Section 4. Corruption and Lack of Transparency in Government
The law provides criminal penalties for corruption by officials and the government continued efforts to curb corruption.
Corruption: Corruption remained widespread, particularly in the judicial sector. Police reportedly often required victims to pay substantial bribes for criminal investigations and routinely extorted money from members of the public. The government took some steps to investigate and address corruption of government officials.
On May 22, former Tanintharyi Region chief minister Lei Maw was sentenced to 30 years in prison for bribery, becoming the most senior official ever to be jailed for corruption. On the other side of the ledger, on August 27, the telecommunications minister ordered a shutdown of the Justice for Myanmar website. The site, established in April, sought to expose corrupt links between the military and business communities.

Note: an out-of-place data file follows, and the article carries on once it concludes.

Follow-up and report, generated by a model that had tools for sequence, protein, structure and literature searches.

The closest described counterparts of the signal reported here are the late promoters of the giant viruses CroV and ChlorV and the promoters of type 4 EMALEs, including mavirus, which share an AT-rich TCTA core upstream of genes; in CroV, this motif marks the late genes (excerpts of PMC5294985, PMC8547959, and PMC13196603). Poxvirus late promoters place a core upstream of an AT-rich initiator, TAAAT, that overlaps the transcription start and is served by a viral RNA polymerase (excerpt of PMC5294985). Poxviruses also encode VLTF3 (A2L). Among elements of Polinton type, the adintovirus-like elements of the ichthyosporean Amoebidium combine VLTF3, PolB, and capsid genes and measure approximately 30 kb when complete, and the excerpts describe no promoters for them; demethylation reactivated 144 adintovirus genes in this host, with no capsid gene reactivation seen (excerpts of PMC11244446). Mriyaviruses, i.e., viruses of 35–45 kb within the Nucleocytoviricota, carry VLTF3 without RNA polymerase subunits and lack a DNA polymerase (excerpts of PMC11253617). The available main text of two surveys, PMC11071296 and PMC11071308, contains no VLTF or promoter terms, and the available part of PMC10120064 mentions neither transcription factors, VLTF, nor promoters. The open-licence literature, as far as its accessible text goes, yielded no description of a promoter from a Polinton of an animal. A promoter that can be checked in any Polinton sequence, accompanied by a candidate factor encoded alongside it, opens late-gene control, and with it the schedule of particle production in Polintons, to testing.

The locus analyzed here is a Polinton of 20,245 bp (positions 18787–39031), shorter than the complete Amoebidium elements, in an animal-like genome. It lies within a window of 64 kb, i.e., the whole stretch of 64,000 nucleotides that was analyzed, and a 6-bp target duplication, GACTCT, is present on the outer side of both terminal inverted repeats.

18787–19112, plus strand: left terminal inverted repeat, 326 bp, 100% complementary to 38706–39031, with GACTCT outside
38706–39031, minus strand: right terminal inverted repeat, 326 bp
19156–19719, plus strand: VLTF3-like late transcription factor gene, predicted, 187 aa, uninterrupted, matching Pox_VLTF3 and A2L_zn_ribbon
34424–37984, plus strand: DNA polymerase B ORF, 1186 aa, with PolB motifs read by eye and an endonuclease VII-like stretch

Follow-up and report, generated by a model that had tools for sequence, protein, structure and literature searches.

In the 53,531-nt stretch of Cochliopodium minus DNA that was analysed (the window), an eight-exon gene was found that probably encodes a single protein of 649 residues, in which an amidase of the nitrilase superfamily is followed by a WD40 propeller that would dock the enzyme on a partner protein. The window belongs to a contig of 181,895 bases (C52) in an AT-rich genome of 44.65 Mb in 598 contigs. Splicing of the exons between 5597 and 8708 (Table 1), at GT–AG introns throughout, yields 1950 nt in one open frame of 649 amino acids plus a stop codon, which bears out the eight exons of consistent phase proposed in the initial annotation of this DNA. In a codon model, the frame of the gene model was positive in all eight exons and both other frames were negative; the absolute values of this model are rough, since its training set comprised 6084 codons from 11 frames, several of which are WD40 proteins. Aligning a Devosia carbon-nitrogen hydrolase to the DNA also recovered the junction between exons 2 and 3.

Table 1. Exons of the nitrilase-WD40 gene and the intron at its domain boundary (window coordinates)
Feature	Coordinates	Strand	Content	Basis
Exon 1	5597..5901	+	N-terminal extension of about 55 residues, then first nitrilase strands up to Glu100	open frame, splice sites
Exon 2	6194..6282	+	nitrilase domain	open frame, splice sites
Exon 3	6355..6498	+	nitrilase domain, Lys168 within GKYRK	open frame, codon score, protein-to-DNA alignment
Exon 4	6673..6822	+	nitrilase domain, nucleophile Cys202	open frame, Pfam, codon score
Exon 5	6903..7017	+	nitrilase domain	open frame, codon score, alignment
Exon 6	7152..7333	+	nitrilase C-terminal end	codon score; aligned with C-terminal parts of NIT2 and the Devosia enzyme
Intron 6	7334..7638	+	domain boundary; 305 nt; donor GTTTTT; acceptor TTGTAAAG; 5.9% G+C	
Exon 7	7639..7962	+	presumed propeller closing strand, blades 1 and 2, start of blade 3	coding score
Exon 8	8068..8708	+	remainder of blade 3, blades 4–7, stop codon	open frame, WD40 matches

Financial Disclosure: Public officials were not subject to public financial disclosure laws. The law requires the president and vice presidents to furnish a list of family assets to the speaker of the joint houses of parliament, and the law requires persons appointed by the president to furnish a list of personal assets to the president. The government did not make the reports available to the public.
Civil servants cannot accept gifts worth more than 25,000 kyats ($18). The rules also require civil servants to report all offers of gifts to their supervisors, whether they are accepted.